Despite much publicity being given to welfare “cuts” made since 2010, UK welfare spending makes up a greater proportion of public spending today than it did in 2009-10 (27.8 per cent vs 26.9 per cent). During this period the proportion of welfare spending received by pensioners has increased from 51.7 per cent of the budget to 55.6 per cent of the budget.
Here are four selected proposals for welfare reform the next Government should implement:
1. State pension triple lock
Spending on the state pension and pension credit has become unaffordable. The “triple lock” promise (that pensions will always rise by whichever is higher out of inflation, earnings growth or 2.5 per cent) made by the Conservatives before the 2010 election was incredibly irresponsible. The annual cost of the policy is estimated by the Government Actuary’s Department to be £6 billion.
There is next to no support for the triple lock beyond those in receipt of the state pension and politicians eager to buy their votes. In the short term the savings may be relatively modest because of the recent pick-up in inflation, but it is important to reverse this costly mistake as soon as possible and resume uprating the state pension by inflation.
2. Child benefit and child tax credit
There have been efforts to ensure that better-off families stop receiving child benefit. George Osborne announced at the 2010 Conservative party conference that child benefit would be tapered away from individuals earning over £50,000 and withdrawn at £60,000. But there were problems with that policy which quickly came to light, not least that households with two earners who were on each on, for example, £50,000 would keep the benefit in full.
It makes little sense having two separate benefits ostensibly to help parents with the cost of bringing up children. Child benefit should be abolished with the child element of the child tax credit increased to address child poverty concerns.
3. Housing Benefit
Flattening housing benefit rates by reducing the number of ‘broad rental market areas’ (BRMAs) could significantly reduce housing benefit expenditure, particularly in London and the South East. There are over 150 BRMAs in England alone, and areas of high rent have disproportionately large numbers of housing benefit claimants. By determining rates over a wider rental market area, there would be lower benefit expenditure and less pressure in high-cost areas within regions.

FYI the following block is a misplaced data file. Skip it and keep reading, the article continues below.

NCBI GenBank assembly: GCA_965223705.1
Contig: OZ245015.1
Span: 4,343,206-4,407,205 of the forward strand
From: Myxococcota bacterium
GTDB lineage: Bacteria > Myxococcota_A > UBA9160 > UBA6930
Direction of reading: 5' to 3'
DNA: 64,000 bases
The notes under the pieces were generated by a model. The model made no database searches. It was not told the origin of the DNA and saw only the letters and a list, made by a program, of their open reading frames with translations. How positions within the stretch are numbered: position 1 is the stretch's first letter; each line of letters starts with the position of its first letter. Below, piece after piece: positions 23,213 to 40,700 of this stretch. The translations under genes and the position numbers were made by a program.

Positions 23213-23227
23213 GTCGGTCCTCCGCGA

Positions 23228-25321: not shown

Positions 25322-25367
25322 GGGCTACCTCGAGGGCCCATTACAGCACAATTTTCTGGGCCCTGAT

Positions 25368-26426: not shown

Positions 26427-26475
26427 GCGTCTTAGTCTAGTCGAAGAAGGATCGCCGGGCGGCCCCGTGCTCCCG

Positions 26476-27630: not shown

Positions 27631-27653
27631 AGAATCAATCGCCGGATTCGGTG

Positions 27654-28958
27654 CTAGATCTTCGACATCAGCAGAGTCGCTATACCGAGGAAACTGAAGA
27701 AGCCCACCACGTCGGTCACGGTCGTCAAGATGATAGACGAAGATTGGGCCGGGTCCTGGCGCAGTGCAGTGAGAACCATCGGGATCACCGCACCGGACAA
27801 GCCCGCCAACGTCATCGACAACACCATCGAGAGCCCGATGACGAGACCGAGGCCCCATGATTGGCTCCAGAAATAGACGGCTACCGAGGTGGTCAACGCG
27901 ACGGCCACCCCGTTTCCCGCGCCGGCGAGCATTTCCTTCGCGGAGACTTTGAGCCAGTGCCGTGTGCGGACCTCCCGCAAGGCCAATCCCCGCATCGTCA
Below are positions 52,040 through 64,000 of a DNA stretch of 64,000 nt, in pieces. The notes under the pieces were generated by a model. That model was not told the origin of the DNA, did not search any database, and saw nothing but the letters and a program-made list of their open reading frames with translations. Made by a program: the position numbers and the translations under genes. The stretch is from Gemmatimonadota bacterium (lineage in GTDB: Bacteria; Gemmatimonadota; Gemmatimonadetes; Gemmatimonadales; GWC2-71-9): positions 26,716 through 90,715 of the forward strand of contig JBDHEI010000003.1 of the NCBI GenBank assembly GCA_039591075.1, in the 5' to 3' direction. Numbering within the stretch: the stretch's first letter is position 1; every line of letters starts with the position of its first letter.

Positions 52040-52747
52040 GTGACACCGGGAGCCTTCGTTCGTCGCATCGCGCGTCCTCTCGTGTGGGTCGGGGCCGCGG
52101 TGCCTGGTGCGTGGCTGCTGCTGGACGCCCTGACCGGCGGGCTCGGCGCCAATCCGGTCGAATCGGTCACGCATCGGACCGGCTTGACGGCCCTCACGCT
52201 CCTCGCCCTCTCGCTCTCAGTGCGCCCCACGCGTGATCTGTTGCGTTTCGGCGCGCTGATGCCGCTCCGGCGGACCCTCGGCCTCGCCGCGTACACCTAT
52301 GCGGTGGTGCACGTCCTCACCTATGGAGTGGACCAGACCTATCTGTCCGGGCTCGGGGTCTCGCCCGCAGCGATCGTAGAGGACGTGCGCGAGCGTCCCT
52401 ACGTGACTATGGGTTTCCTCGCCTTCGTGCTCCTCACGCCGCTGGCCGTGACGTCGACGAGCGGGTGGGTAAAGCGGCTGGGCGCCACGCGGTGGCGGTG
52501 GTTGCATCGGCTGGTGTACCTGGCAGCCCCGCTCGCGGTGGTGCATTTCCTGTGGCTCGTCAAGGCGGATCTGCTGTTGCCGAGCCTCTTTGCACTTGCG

Housing benefit rates should be flattened across the UK in order to reduce expenditure by 10 per cent. People who have to pay for their own housing frequently have to broaden their geographical sights to find somewhere in their price range so it is not unreasonable for benefit claimants to be asked to do the same. Many of those who work in London are forced by high prices to look outside the city and commute. Housing benefit claimants should not be immune from this reality of life.
4. Contributory Benefits
Contributory benefits are paid dependent on national insurance contributions. While a significant sum is spent on them, most of the expenditure would be replaced by equivalent benefits where eligibility is assessed on income.
These benefits are paid to people who do not need them. It makes little sense to tax people and then hand those same people back benefits in the form of insurance against events that they could otherwise afford to insure themselves against if they wanted to. It would also make abolishing national insurance simpler.
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